The application of increased Value Added Tax (VAT) on telecom services has begun to bite into the revenues and profits of the country’s largest mobile telecommunication provider which has over 12 million subscribers, the interim results showed.
During the first full quarter since the imposition of the 15 percent VAT on telecom services since November last year, Dialog Axiata PLC saw its net profit falling by as much as 42 percent to Rs.1.55 billion or 19 cents a share as the performance was also impacted by higher depreciation, finance cost and forex losses.
“….consumer spending was restrained by increased consumption taxes on communication services spanning mobile, fixed, broadband and pay television”, the company said in an earnings release.
Dialog’s top-line grew by just under 5 percent year-on-year (YoY) to Rs.22.2 billion, but the operating profit fell by 14 percent YoY to Rs.2.89 billion due to heavy distribution and administrative costs, which captured the depreciation and forex losses.
According to the segmental information, the group’s cash cow, the mobile operations, saw its operating profit falling to Rs.2.69 billion from Rs.3.62 billion during the same quarter last year.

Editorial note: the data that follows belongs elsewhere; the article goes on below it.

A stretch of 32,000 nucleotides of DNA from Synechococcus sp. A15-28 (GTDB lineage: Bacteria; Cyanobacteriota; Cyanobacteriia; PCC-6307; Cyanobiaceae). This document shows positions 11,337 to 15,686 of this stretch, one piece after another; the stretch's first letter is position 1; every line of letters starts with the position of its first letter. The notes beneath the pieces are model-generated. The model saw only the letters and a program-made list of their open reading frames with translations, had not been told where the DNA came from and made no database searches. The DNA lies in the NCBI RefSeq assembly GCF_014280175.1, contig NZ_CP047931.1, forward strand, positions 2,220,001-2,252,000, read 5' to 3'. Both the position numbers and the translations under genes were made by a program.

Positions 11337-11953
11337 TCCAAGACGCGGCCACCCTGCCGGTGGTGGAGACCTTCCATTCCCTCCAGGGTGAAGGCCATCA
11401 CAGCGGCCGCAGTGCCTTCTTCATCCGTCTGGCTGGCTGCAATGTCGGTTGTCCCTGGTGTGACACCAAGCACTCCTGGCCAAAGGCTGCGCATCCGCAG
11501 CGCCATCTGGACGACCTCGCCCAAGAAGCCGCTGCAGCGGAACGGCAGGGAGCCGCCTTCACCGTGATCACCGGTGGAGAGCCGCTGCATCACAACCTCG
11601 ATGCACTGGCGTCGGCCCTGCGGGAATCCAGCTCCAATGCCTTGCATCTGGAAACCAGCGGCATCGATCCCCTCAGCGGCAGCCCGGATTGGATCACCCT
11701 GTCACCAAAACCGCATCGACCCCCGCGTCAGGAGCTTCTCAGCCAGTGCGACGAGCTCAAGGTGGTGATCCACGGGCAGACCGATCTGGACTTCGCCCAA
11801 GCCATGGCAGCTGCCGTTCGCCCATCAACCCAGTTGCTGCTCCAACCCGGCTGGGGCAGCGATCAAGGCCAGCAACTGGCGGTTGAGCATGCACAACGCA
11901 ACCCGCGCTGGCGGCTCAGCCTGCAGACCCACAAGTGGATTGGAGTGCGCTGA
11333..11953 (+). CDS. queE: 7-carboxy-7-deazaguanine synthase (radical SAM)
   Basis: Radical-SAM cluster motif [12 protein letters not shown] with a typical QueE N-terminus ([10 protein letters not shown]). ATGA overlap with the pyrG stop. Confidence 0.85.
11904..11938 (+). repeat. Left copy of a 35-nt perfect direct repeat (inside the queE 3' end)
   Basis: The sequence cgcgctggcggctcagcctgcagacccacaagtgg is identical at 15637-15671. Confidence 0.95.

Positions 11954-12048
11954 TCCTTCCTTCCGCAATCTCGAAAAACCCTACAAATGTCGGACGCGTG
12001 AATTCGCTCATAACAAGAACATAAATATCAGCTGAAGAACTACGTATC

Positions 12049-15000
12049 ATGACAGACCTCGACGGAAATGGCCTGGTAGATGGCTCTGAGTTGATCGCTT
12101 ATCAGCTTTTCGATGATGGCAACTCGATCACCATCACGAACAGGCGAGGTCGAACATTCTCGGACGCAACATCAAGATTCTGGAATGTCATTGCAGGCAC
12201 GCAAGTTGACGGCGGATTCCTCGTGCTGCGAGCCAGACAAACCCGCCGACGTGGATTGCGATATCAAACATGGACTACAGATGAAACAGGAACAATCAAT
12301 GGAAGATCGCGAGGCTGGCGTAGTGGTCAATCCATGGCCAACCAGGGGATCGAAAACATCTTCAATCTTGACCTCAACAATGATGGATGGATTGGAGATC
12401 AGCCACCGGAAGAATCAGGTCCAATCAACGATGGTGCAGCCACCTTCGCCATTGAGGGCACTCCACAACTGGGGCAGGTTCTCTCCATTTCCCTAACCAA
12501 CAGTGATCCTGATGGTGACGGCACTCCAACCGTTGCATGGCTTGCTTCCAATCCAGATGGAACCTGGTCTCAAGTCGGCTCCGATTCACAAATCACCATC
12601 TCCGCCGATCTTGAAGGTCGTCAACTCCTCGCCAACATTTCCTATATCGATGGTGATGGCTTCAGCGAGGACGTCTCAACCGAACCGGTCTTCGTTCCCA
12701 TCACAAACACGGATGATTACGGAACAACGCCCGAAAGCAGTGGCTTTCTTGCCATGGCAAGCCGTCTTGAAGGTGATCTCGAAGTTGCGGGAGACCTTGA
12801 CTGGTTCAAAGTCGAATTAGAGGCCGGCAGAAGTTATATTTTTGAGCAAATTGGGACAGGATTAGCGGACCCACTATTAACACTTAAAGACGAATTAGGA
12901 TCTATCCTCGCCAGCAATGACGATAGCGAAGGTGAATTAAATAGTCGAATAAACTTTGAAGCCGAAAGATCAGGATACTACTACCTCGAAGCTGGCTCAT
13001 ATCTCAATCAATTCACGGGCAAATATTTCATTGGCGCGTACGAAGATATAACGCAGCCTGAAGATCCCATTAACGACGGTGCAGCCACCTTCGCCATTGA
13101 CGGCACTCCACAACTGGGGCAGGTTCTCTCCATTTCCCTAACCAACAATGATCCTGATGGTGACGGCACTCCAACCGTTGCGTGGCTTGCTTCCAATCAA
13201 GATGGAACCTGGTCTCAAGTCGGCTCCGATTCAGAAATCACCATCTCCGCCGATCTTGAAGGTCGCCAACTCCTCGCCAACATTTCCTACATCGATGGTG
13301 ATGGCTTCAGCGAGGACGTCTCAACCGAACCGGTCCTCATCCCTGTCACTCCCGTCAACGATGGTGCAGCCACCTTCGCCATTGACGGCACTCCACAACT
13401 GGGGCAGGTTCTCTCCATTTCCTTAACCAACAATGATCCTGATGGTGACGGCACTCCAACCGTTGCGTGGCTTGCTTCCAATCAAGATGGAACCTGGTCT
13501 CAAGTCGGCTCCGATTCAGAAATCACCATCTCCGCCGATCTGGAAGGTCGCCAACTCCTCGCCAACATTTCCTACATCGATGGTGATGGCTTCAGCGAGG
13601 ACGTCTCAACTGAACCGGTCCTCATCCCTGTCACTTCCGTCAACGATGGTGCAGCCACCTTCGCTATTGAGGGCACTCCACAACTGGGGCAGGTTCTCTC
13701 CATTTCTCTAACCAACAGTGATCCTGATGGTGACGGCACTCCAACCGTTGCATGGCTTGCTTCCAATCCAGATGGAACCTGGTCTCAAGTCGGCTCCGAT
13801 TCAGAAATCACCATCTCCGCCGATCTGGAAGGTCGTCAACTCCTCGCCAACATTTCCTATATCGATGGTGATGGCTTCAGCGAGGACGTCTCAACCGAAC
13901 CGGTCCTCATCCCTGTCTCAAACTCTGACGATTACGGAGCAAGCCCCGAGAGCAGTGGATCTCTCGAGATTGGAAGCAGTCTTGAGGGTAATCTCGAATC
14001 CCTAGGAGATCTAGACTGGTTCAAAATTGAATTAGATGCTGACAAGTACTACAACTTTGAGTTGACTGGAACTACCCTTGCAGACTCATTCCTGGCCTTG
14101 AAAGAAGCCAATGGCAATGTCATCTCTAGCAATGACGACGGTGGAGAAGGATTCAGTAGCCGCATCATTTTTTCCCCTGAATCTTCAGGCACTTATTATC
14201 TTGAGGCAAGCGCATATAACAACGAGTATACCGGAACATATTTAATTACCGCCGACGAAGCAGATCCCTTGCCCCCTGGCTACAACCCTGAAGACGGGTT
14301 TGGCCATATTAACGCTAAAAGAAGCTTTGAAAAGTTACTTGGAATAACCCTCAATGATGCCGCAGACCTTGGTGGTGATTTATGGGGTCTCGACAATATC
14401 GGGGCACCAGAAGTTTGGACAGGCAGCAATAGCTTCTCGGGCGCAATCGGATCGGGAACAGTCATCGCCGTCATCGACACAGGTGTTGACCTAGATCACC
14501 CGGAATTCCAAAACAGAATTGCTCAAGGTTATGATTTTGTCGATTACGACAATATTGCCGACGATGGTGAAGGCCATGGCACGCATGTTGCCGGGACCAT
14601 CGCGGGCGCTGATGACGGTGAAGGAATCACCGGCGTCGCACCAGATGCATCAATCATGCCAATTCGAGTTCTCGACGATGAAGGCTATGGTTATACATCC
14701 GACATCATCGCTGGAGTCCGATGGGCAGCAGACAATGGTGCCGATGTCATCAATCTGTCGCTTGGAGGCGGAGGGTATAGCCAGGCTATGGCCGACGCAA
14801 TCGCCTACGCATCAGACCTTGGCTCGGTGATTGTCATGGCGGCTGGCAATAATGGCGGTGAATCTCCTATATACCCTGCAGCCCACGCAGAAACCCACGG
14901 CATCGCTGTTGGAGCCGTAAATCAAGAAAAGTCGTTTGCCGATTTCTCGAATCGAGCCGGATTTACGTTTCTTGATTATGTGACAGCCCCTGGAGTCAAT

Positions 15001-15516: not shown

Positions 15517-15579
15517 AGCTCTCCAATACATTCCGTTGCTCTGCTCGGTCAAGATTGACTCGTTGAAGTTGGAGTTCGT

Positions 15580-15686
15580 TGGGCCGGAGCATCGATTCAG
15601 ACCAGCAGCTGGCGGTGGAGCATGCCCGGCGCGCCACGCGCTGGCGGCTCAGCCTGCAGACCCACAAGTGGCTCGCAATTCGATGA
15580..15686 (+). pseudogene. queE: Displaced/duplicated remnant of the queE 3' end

The segment revenue slightly increased to Rs.18.5 billion from Rs.18.1 billion from a year ago. Meanwhile, the fixed telephony and broadband business of the group turned an operating profit of Rs.403.7 million from a loss of Rs.97.5 million. The revenue rose slightly under a billion rupees to Rs.2.91 billion.
The group’s pay television business expanded its losses up to Rs.200 million from Rs.164.3 million a year ago. The revenues edged down to Rs.1.49 billion from Rs.1.58 billion a year ago.
This was despite the total subscriber base expanding to 866,000 by the end of March.
Meanwhile, the net finance cost also rose to Rs.892.5 million during the quarter under review from Rs.323.8 million YoY.
During the quarter, the Dialog Group paid as much as Rs.10.5 billion in taxes to the government, an increase of 28 percent from the same period last year.
This included Rs.3.6 billion of direct taxes and levies and Rs.6.9 billion of consumption taxes collected on behalf of the state.
By the end of March 31, 2017, Dialog’s Malaysian parent, Axiata Investments (Labuan) Limited held 83.32 percent stake followed by the Employees’ Provident Fund with 2.22 percent stake and Norges Bank with 1.27 percent stake.